Category: Fish/Shellfish Research
Published: June 2009
Publication number: FPA 09-09
Author(s): Joseph D. Bumgarner and Jerry Dedloff
This annual report is one in a continuing series describing WDFWâ€™s progress toward meeting summer steelhead and rainbow trout mitigation goals established in the LSRCP.
Stocking of LSRCP-produced rainbow trout within Washington, and transfers to the State of Idaho generally went as planned, though in 2007 and 2008 there was a shortfall in rainbow trout production and not all LSRCP goals were met. Hatchery survival and smolt release goals for summer steelhead were met for both years. Adjustments were made to the marks and tags applied to the summer steelhead over the reporting period.
We continued smolt trapping on the Tucannon River to estimate the number of migrant steelhead. In the 2006/2007 and 2007/2008 we estimated 11,546, and 26,099 total migrants, respectively. Mean smolt size and peak of out-migration for both years was similar to previous years. Average smolt-to-adult survival of wild origin summer steelhead from the Tucannon River (based on the PIT tags) was 2.25% back to Bonneville Dam, and 1.75% to McNary Dam. PIT tag detections of naturally produced Tucannon River steelhead exhibited a disturbing migration pattern, with about 50% returning to and remaining above Lower Granite Dam. This same migration pattern has also been observed in the Lyons Ferry stock fish and the Tucannon River hatchery endemic stock steelhead.
As part of our ongoing annual broodstock collection and research activities, WDFW hatchery and evaluation staff operate a series of traps in southeast Washington. We reported the number of fish captured and released at all trap locations, composition of hatchery and wild origin fish, coded-wire tag recoveries (where appropriate) age composition, eggtake and fecundity estimates from spawning activities, and historical spawn timing for each steelhead stock.
WDFW staff surveyed steelhead sport anglers during the 2006/2007 and 2007/2008 sport fishing season within the LSRCP area of Washington to recover CWTs from tagged steelhead. In 2007/2008, creel surveys, on the Tucannon, Touchet or Walla Walla rivers were limited or not conducted. This was done to increase our sample rate in the mainstem of the Snake River to achieve at least a 20% sample of what is eventually reported on Washingtonâ€™s catch record cards.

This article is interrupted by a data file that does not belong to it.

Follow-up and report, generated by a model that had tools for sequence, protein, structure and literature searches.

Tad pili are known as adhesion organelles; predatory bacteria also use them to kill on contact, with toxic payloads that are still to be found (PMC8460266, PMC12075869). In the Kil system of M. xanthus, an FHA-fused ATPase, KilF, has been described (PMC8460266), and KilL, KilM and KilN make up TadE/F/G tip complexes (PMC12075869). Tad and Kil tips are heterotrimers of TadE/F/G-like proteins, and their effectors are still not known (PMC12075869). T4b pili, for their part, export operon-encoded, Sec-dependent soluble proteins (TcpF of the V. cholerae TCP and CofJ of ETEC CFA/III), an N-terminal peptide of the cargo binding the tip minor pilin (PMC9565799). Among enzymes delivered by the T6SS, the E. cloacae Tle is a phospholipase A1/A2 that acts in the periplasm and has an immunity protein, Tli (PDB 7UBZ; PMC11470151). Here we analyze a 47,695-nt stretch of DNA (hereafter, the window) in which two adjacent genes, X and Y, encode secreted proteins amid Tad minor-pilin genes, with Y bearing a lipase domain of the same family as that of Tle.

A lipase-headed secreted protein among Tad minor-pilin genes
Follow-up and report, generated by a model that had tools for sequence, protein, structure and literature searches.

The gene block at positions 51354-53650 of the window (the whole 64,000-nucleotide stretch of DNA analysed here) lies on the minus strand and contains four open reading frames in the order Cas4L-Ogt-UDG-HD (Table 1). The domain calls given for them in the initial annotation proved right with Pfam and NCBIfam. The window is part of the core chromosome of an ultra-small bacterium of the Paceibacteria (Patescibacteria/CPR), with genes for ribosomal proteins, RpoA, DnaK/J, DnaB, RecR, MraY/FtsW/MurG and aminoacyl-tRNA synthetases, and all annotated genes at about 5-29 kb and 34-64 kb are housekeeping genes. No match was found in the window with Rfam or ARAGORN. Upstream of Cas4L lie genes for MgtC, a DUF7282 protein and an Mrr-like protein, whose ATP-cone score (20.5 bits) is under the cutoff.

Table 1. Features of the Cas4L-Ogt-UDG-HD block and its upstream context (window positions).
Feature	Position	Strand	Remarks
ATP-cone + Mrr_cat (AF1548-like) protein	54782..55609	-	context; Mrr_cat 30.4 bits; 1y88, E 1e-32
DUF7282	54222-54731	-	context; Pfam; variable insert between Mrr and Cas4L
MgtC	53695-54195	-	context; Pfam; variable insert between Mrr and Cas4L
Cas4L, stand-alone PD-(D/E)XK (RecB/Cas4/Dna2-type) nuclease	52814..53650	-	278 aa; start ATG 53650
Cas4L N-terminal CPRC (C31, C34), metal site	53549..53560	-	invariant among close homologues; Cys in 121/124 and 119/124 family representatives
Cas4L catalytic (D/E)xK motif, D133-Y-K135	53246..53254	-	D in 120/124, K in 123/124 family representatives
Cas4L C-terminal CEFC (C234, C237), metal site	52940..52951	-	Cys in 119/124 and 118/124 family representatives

During the springs of 2007 and 2008, evaluation staff conducted spawning ground surveys to estimate the number of redds in index areas of the Tucannon and Touchet rivers and Asotin Creek. Stream flows were favorable in 2007, but were high and turbid during 2008 which greatly affected our ability to estimate redds in the Tucannon River. Evaluation staff standardized all spawning ground survey estimates for summer steelhead in the Touchet River and Asotin Creek.
Coded-wire tag recoveries from fisheries, hatcheries, or from traps in river have provided the basic data to estimate minimum smolt-to-adult return rates on LFH and Wallowa stock summer steelhead from the program. Due to a variety of factors, smolt-to-adult survivals back to the project area have generally been nearly 3 times the assumed rate. The LFC summer steelhead program (LFH and Wallowa stock only) continues to meet and/or exceed its original mitigation goals by supplying large returns of hatchery steelhead for harvest to the Snake River area. This is mainly due to the fact that harvest rates in the lower Columbia River fisheries have declined substantially since the program was initiated. Hence more fish are returning to the project area even though hatchery production has been reduced in recent years.
As in previous years, WDFW electrofished using either a multiple or a single pass removal method at index sties to estimate Age 0 and Age 1+ juvenile steelhead densities and derive population estimates for specific river reaches. During the summer of 2005 and 2006, we tested estimator bias (multiple pass estimate vs. mark/recapture estimate) at 44 sites in SE Washington. For both years on average, we found that multiple pass underestimated Age 0 and Age 1+ summer steelhead by 29.9% and 22.7%, respectively, compared to the mark/recapture estimate. Based on these results, and other factors such as high confidence intervals around the electrofishing estimates, we have discontinued electrofishing surveys for juveniles.